But that is not the only sense in which John uses the word “word” (logos) in his Gospel. Logos occurs 40 times in John, falling into six categories (or uses). (1) Three times it refers to Jesus as the “Word” (Logos) of God in the sense suggested above, twice in the Prologue and once in John 5:38. In the latter passage, Jesus answers his Jewish critics by saying that the Father had sent him (Jesus) as “his word” (Logos) but they did not hear it, even though they “…search the Scriptures, because you think that in them you have eternal life, but these are they that bear witness to me” (5:39). Note: Here is a clear usage of “word” (logos) in the same context as “the Scriptures,” and yet it means Jesus, not “Scripture.” (2) Three times it just means “word” in the ordinary sense. (3) Three times it means a “saying” or “statement.” (4) By far, John uses logos to mean a “testimony” or “witness,” as in the sentence: “I give you my word” (23 times). (5) At least four times it means “God’s word” in the sense of his revelation to the prophets or others to whom He has spoken. (6) And three times (10:35; 12:38; 15:25) it does indeed refer to the Scripture as God’s “word” (logos). Of course, “Scripture” here means the Old Testament, not the Bible we have today.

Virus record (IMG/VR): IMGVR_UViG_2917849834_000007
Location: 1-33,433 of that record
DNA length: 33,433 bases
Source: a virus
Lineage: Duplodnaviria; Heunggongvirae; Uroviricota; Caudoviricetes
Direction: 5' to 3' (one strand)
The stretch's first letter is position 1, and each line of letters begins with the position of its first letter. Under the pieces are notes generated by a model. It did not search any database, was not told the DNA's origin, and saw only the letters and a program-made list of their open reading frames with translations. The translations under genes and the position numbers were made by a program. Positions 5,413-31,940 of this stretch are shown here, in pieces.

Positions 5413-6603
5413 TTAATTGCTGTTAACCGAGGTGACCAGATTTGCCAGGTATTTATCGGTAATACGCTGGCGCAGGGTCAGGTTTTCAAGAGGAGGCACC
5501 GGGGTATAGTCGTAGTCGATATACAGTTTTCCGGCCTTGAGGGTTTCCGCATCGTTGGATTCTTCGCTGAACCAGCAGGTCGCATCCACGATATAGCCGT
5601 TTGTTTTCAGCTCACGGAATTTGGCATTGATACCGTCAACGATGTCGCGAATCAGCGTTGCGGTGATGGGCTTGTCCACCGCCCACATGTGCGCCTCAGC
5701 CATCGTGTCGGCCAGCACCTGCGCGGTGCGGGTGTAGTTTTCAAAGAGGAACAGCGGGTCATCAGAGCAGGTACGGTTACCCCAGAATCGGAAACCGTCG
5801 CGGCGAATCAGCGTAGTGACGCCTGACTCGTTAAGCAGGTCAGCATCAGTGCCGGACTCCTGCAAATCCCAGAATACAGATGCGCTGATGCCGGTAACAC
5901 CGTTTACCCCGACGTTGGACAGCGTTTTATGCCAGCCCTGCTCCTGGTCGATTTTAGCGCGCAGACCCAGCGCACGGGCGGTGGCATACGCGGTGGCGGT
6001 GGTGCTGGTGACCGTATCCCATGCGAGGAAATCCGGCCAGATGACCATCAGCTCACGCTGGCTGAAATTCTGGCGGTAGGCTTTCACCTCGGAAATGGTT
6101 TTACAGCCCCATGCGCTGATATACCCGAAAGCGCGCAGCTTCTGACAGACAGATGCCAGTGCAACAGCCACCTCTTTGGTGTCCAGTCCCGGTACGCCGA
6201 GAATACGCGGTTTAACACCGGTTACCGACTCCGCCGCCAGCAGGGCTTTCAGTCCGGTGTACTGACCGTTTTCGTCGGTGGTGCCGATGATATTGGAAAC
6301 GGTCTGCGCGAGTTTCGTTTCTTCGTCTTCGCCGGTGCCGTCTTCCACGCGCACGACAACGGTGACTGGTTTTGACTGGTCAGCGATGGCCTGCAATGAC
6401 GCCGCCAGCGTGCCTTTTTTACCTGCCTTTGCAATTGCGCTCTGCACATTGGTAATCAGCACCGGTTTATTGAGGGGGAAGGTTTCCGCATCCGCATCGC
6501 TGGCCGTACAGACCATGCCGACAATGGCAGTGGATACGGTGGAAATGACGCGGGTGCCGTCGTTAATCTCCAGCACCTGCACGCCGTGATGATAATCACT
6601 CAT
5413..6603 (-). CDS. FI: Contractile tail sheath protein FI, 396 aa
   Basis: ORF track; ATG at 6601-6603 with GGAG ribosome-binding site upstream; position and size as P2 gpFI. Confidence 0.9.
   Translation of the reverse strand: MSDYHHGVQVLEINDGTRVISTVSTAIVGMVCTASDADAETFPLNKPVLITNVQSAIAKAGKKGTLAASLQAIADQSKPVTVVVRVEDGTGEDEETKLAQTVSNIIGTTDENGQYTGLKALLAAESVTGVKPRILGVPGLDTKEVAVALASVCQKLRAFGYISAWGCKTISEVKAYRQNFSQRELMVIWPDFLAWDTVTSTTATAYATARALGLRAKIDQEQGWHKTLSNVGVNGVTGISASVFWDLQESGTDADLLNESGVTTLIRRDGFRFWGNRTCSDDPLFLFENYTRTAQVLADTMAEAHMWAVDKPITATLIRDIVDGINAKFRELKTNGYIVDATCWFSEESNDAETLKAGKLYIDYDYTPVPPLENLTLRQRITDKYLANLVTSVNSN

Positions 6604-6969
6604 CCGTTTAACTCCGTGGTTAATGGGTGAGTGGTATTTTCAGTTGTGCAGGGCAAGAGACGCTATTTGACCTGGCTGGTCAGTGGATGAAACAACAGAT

And so, Baptists, who typically hold a rather high view of Scripture, do not err when we speak of the Scriptures as “the Word of God.” Indeed, as demonstrated by the usage analysis above, John himself so employs the term logos in at least three places (10:35; 12:38; 15:25). Moreover, a high view of Scripture demands it. As my late teacher, Dr. George R. Beasley-Murray, used to say: “There’s all the difference in the world between one who says that the Bible merely contains the Word of God, and one who says that the Bible is the Word of God. If it merely contains the Word of God, then we are free to pick and choose what parts of the Bible we believe to be the Word of God. But if the Bible is the Word of God, then we are not free to pick and choose, but must obey it both when we like what it says and when we don’t.”

But we make a grave mistake when in our haste to affirm a high view of Scripture we move from “The Bible is the Word of God” to “The Bible is God.” This John in his Prologue will not do. He reserves that use of Logos for Jesus, not the Bible. He is the Incarnation (in-fleshing) of the Eternal Word (Logos) to which the Word (Scripture) witnesses (“You search the Scriptures because you think that in them you have eternal life; and these are they that bear witness to me,” John 5:39).